When San Diego (Calif.) Francis Parker School punter Matt Zubyk reversed his decision to commit to Virginia and instead pledged to Stanford back in August, many observers may have figured that the nation's #2-ranked punter had gone through enough drama for the entire recruiting cycle. In the months since his Stanford commitment, however, Zubyk has been forced into a frustrating holding pattern as a result of an unfortunate head injury suffered midway through his senior season for the Lancers.
"I got injured half-way through my season and had to forfeit the rest of my season," Zubyk explains. "I'm still getting over that injury right now. That's kind of thrown a wrench in all the plans for what was supposed to happen with my scholarship and everything."
Zubyk's recruitment was thrust into turmoil on October 13, when he suffered a concussion in a 36-15 loss to San Diego (Calif.) Horizon. The injury ended his senior season and cast doubt over his ability to be medically cleared to play football again, which in turn introduced new questions regarding his ability to accept Stanford's offer of a scholarship and a place in the incoming freshman class. To add insult to injury, the concussion occurred as Zubyk was forced into action at quarterback, a position he had consciously given up before the season precisely to avoid repeat concussions following a head injury he suffered as a junior.
"The frustrating thing is, you know, I'm a punter and that's what I was planning to do for Stanford and nothing's ever come out of playing punter," the senior understandably vents. "But I used to play quarterback and that's the root of all my concussion problems. This year, I wasn't supposed to play quarterback but there was kind of a weird situation where some stuff happened - we ran out of quarterbacks, and I got shoved back into the game at quarterback. There was a botched snap and I dove to recover the football and a guy jumped on top of me and hit me with the crown of his helmet on my head. Things kind of triggered from there."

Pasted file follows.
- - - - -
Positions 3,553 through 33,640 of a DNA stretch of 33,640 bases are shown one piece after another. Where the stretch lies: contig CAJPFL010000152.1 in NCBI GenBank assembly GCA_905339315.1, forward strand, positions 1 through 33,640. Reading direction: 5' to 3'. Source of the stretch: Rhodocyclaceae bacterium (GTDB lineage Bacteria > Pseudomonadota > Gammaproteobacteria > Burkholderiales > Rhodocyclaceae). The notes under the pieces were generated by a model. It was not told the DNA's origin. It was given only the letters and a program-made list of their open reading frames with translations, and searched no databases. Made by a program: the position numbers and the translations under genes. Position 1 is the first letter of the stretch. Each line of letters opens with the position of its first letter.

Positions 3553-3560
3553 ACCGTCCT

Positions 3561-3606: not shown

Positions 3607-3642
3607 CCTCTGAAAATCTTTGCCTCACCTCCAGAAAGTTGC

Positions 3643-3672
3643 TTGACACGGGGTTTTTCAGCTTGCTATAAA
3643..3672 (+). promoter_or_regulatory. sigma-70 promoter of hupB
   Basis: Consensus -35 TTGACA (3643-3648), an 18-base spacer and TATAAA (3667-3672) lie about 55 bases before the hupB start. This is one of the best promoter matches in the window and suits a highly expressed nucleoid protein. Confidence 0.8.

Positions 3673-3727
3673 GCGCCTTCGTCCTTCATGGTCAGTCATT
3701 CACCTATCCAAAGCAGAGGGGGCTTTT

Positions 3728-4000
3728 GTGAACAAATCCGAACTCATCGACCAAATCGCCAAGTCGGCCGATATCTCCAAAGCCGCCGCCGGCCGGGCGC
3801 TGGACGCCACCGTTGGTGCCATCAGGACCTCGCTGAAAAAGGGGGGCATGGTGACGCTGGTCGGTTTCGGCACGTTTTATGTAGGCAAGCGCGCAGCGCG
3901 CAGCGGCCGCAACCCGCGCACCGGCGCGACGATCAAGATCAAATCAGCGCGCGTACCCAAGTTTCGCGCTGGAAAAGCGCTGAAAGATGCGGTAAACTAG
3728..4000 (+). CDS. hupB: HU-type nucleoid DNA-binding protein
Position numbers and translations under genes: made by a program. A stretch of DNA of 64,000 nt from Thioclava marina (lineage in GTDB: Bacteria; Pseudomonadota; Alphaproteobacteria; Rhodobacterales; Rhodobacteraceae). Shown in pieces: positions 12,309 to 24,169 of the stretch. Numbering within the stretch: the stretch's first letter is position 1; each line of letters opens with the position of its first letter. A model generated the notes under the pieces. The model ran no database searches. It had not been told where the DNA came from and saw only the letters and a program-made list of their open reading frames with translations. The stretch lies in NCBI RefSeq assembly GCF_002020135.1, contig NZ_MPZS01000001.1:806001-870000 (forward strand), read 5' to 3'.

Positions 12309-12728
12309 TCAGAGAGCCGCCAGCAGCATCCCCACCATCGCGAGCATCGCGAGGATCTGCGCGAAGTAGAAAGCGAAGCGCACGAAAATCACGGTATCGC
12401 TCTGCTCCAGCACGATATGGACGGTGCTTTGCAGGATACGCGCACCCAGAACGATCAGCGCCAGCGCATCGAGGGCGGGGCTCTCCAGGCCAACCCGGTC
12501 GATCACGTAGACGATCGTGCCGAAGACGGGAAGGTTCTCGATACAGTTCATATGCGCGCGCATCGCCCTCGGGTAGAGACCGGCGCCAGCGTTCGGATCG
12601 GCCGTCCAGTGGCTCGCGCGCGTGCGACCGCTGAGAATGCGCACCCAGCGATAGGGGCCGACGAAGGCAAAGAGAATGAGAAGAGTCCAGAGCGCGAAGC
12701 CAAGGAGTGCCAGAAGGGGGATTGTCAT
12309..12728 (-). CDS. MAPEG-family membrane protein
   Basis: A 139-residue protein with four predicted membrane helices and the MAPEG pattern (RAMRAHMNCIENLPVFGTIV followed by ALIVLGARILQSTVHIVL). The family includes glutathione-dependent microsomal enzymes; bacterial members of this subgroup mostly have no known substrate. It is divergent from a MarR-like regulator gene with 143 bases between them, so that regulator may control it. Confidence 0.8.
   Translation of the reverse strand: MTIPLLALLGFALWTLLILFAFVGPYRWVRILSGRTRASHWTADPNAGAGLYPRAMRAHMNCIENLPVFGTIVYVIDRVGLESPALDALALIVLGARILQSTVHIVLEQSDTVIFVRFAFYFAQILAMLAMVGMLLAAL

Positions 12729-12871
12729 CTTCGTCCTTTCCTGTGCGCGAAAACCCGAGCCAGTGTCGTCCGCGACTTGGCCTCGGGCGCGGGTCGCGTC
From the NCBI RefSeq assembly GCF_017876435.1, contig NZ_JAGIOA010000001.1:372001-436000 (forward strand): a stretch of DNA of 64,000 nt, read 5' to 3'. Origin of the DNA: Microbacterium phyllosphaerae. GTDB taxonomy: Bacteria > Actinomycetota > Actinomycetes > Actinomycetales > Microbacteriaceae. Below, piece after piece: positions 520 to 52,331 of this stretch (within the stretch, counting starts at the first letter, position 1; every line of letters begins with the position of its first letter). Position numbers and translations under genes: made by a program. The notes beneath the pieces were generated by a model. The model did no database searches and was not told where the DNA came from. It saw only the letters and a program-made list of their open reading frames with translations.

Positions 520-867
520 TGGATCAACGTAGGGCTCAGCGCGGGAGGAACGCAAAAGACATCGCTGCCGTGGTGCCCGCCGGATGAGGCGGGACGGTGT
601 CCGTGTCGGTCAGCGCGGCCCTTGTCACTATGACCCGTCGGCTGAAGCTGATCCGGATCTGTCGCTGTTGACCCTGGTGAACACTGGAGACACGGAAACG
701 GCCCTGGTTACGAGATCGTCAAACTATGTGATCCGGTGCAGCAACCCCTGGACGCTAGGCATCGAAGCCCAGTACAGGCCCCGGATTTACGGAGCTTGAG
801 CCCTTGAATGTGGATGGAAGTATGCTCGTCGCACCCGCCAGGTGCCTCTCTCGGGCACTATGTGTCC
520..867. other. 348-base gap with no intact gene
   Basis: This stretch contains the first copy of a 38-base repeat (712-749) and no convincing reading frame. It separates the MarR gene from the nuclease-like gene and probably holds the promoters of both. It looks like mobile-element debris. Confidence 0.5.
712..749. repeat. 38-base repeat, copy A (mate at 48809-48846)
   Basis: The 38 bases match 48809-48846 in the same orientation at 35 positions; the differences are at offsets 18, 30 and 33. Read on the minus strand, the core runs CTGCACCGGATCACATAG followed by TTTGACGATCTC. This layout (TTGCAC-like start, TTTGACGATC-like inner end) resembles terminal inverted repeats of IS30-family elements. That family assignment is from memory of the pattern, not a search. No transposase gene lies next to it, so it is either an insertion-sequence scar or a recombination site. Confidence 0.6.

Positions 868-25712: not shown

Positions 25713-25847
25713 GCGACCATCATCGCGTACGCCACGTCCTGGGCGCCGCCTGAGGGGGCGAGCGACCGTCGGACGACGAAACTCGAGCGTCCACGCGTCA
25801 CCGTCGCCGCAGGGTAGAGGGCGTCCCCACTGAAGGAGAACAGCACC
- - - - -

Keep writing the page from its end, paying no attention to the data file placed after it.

What triggered was a chain of events that sent Zubyk searching for answers regarding his health and uncertain about everything from his ability to play again to his future destination for college. While the October concussion initially coincided with word that he had been accepted to Stanford, the resulting uncertainty regarding his ability to play football again cast doubt over his ability to claim a scholarship in Stanford's class and thus changed the way Stanford Admissions had to review his application. After months of waiting for further clarity on his admissions status, Zubyk can now cross one entry off the long list of questions rudely posed by his October concussion.